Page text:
WASHINGTON — U.S. regulators will soon begin cracking down on vaping companies using a now-closed loophole, including a line of fruit-flavored e-cigarettes that have become the top choice for teens.
Under a law taking effect Thursday, the Food and Drug Administration can regulate e-cigarettes and similar products that use synthetic nicotine.
The action targets Puff Bar and several other vaping companies that have recently replaced their formulas with lab-made nicotine to circumvent FDA oversight.
Puff Bar did not immediately respond to a request for comment Thursday.
FDA action does not automatically ban Puff Bar and similar products. Instead, it puts them under the same regulatory regime as older e-cigarettes that got their nicotine from tobacco.
“Synthetic nicotine products don’t necessarily go away on their own,” said Robin Koval, chief executive of the Truth Initiative, an advocacy group that runs anti-smoking ads. “The FDA will have to decide how it wants to enforce the law and hopefully it will.”
The FDA has reviewed applications for a range of vaping devices, formulas and flavors — rejecting more than a million, usually because of their potential appeal to young people. Tobacco control advocates hope the agency will quickly do the same for all claims submitted by Puff Bar and other manufacturers.
Nicotine, the chemical that makes smoking and vaping addictive, occurs naturally in tobacco plants.
The 2009 law that first gave the FDA oversight of cigarettes and related products only referred to tobacco-based nicotine. This left an opening for artificial nicotine, which is used in e-cigarette liquids, nicotine pouches and other products.
Last month, Congress passed language clarifying that the FDA can regulate any form of nicotine, regardless of source.
After appearing in 2019, Puff Bar has become by far the most popular e-cigarette among teens, sold in flavors like blueberry, strawberry, banana, and mango. Under pressure from the FDA, the company said it was halting sales in 2020, removing its disposable vaping devices from convenience stores, gas stations and vape stores.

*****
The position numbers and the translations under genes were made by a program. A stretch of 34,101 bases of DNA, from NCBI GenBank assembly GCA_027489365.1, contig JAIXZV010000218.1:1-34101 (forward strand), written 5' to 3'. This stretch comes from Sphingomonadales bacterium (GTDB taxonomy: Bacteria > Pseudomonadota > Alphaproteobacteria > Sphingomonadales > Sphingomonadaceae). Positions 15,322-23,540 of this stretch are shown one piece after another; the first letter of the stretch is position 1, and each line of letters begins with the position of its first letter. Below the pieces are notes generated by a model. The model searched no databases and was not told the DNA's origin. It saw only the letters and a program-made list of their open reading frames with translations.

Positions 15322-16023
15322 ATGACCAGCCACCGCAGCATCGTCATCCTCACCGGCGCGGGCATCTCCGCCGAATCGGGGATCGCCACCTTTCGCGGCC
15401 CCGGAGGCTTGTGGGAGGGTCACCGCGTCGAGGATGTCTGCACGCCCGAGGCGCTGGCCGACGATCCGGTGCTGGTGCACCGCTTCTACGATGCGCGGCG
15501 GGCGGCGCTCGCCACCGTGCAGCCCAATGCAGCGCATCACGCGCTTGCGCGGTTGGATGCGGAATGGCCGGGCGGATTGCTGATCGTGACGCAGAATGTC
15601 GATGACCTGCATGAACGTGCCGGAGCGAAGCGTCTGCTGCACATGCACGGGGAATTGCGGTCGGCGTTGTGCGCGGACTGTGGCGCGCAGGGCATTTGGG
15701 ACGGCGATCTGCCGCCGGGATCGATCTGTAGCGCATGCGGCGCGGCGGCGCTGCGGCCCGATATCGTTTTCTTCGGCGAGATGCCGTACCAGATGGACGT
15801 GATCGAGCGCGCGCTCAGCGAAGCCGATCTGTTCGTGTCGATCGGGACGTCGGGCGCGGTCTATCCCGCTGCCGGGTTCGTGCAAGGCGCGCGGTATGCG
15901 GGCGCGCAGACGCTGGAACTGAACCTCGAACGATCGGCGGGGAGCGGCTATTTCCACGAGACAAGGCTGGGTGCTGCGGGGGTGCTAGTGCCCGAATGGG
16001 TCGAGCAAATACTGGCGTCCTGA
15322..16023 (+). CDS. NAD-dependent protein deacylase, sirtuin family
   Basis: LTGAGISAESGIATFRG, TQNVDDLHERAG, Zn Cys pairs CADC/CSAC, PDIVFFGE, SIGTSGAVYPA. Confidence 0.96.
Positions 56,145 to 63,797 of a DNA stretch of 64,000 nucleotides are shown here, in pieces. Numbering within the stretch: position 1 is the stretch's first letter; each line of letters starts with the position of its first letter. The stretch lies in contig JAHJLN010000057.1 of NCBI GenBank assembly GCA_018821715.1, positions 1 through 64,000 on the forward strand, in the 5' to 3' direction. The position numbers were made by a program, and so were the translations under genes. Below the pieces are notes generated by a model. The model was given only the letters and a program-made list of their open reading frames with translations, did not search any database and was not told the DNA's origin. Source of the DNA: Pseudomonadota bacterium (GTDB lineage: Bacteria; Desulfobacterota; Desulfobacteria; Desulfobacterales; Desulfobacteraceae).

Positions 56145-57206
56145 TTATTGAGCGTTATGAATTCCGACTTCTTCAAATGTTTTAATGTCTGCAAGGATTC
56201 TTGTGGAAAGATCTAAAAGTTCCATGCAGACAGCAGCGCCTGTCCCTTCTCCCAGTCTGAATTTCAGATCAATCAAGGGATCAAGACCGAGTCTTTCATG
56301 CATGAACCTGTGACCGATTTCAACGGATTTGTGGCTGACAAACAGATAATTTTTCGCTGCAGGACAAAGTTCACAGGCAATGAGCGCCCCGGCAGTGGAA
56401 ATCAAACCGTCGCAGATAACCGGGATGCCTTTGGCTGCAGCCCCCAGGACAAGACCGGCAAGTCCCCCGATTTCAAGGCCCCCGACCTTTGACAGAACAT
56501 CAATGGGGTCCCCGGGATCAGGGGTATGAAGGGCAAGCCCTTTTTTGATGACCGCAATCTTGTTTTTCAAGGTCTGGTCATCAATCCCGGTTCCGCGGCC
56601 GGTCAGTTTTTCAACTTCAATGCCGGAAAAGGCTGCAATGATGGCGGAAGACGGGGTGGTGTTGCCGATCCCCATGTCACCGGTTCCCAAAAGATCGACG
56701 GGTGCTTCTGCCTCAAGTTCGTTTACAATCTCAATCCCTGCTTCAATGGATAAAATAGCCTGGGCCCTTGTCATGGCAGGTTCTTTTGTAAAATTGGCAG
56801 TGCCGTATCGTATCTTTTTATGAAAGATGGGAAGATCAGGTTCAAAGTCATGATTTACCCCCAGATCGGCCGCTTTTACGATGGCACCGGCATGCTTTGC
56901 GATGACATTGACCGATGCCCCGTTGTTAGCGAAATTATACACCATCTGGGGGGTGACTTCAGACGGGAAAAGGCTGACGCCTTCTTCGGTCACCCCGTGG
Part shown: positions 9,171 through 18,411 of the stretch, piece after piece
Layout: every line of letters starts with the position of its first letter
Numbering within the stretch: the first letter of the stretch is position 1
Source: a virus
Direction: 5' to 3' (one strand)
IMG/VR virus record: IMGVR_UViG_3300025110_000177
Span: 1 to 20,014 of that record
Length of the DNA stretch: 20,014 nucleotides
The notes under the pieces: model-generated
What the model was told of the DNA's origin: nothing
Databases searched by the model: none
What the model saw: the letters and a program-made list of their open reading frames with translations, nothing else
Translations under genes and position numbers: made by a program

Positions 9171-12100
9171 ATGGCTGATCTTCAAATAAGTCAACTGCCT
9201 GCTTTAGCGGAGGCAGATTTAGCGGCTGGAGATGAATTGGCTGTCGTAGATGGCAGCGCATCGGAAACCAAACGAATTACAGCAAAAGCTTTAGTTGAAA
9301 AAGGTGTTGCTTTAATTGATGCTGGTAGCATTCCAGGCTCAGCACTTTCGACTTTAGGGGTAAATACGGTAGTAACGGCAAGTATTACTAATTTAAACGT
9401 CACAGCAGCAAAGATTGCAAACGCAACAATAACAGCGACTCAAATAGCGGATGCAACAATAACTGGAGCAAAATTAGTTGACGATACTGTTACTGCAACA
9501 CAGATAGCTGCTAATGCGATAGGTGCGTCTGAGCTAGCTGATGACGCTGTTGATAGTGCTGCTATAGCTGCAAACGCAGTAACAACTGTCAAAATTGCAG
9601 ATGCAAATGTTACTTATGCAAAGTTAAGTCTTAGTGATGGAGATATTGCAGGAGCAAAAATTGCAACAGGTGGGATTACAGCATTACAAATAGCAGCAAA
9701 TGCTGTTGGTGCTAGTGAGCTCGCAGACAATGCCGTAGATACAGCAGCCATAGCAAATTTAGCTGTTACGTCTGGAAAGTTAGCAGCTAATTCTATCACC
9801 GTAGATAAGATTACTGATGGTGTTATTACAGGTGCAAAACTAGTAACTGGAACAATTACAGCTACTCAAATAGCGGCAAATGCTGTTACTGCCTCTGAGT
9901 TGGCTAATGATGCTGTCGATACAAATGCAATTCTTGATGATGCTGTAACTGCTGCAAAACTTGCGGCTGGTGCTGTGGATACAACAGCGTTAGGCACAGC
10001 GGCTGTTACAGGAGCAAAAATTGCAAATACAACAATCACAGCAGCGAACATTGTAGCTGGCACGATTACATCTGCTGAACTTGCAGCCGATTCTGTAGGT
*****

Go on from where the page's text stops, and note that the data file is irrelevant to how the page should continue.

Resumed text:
Last February, the company announced a “relaunch” of its colorful devices using synthetic nicotine. In marketing parlance, the company said its products “do not contain tobacco or anything derived from tobacco.” This puts Puff Bar in a legal gray area, as federal, state, and local restrictions almost always apply to tobacco products, not nicotine itself.
Last year, Stanford researchers discovered synthetic nicotine products for sale through online tobacco-banning platforms such as Amazon, eBay and Target. Under the new law, synthetic nicotine will be subject to the same federal age limit and sales restrictions as other tobacco products.
The use of synthetic nicotine is not a new idea. Tobacco companies experimented with chemically derived nicotine as early as the 1960s, but deemed it too expensive for mass production. Advances in manufacturing in recent years have finally made it a viable alternative to tobacco-derived nicotine.
A major government survey last year showed that Puff Bar had overtaken more well-known brands to become the top choice among high school vapers. Juul – which is widely blamed for initially sparking the teenage vaping trend – was the fourth most popular brand.
In 2020, the FDA restricted the flavors of cartridge e-cigarettes like Juul to menthol and tobacco, which are generally preferred by adults. But the flavor ban did not apply to disposable e-cigarettes like Puff Bar and other types of vaping devices.
Anti-tobacco groups worry that the FDA is always a step or two behind products that make inroads in children.
“The lesson we can all learn from this is that when FDA actions are incomplete and happen after the fact – which has often been the case with e-cigarettes – you will always be playing mole and catch-up,” said Koval said.
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The Associated Press Health and Science Department is supported by the Howard Hughes Medical Institute Department of Science Education. The AP is solely responsible for all content.